It's also known that that he lived at Knowle House and then at Shortwood House, both on the leafy western outskirts of the town.  Less well documented is his time in Budleigh Salterton itself. Yet in a collection of autobiographical essays, published in 1951 as Nobody Shouted Author, Delderfield mentions his move just after the end of World War Two to a house to which he gives the name ‘Spion Kop’ in a village that he calls Pebblecombe Regis.

‘Spion Kop’? A typical Budleigh name in a way, given the town’s colonial heritage. But who on earth would have named their house after a British military defeat? A bit like a Frenchman calling his house ‘Waterloo.’  One of Delderfield’s little jokes, I think.

‘Spion Kop’ was, he tells us, "a solid, red-brick structure, perched on the extreme edge of a sandstone cliff, with a sea view extending from Torbay to Chesil Beach."  A poke in the museum archives will tell you that the house was ‘Broomleas’, at the top of Victoria Place.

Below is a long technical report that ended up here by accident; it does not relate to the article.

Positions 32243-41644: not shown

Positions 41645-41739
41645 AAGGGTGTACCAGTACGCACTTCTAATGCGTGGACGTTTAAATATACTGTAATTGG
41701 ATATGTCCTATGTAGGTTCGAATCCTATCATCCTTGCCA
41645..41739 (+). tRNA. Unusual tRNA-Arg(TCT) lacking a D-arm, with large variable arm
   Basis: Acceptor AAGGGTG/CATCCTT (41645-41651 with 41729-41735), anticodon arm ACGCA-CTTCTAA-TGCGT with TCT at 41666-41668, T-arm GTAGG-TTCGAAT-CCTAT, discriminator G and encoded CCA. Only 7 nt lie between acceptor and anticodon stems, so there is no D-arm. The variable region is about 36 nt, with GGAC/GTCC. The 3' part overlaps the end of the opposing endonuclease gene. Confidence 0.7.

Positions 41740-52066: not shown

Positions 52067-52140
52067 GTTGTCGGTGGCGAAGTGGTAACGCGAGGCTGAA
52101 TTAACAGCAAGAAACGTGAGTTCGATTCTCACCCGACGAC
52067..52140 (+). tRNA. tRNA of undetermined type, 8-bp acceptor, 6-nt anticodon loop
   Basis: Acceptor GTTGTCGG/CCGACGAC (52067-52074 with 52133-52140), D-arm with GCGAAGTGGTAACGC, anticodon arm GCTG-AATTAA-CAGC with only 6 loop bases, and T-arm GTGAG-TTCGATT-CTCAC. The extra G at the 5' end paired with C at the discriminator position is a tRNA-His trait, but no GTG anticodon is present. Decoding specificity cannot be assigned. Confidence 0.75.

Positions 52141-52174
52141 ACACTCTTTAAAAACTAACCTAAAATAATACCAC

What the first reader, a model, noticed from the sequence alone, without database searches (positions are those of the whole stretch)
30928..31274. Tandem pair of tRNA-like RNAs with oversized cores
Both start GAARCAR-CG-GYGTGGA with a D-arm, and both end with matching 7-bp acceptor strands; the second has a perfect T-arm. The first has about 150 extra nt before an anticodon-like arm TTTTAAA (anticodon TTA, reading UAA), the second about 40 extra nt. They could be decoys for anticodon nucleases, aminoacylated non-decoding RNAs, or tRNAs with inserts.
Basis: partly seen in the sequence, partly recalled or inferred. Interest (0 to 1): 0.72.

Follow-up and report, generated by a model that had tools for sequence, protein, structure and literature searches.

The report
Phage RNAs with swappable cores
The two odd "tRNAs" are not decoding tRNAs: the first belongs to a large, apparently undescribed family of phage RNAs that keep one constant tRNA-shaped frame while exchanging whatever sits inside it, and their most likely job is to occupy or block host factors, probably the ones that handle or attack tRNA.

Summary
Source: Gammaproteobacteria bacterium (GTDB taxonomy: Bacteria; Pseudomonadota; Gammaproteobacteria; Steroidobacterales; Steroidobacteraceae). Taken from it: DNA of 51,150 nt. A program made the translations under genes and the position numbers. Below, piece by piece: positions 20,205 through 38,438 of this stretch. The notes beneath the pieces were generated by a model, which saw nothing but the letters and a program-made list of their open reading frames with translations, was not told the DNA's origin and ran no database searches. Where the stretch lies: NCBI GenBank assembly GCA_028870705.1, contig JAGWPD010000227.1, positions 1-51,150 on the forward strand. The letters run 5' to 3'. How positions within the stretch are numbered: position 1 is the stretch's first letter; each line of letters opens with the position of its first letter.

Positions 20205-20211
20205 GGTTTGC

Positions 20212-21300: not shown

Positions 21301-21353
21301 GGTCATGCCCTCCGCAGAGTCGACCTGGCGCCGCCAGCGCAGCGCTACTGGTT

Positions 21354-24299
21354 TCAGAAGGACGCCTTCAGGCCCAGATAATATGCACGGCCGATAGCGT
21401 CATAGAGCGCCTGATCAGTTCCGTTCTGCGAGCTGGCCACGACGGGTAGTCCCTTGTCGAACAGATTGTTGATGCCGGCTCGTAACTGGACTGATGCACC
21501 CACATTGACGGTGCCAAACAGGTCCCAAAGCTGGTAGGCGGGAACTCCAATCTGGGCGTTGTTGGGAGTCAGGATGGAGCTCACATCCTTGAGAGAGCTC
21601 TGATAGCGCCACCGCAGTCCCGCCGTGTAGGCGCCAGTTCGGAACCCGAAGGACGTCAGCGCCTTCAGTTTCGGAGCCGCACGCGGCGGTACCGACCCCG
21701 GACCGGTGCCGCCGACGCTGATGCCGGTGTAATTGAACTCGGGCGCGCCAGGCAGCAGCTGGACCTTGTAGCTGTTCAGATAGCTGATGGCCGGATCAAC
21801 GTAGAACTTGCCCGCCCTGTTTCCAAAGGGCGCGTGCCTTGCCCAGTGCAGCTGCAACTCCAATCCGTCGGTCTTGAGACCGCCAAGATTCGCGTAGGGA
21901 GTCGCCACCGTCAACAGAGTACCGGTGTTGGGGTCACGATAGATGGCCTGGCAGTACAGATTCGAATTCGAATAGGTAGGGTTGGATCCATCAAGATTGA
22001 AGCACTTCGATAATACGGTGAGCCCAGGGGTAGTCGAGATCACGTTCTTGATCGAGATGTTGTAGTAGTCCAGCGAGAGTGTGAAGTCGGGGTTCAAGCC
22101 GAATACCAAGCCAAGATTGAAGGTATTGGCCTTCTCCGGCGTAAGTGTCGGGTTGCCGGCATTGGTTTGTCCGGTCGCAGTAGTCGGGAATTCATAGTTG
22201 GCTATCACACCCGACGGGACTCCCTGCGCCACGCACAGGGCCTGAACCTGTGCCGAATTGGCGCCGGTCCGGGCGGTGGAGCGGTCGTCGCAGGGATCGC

While Ralph Ricketts may have been depressed, Delderfield may have been influenced by his own political views. 

“His pioneering sense of social justice and sympathy for his fellow man would strike a chord with many Guardian readers today” wrote Sam Jordison in 2007 in the Guardian

 In a chapter of Nobody Shouted Author entitled 'Migration to Valhalla' - another little joke at the expense of the ancient “grizzled” warriors who’ve traditionally retired to Devon coastal resorts - Delderfield goes into detail about Pebblecombe Regis and its residents. The village is, he writes, “unique in the region” for their particular character.

This nautical fantasy scene was created by Budleigh artist Joyce Dennys as a bathroom mural. I love the fierce moustache

"At any time between 1860 and 1945 the High Street of Pebblecombe Regis could easily be mistaken for a European quarter of a garrison town. Anglo-Indians, with hard, blue eyes, fierce moustaches, and mahogany faces, literally rubbed shoulders round the fishmonger's slab, whilst their womenfolk, with that total disregard for eavesdropping characteristic among the wives and daughters of professional soldiers, exchanged bits of gossip across the main street, at the tops of their voices."  

Unique also was the way in which Pebblecombe Regis was governed.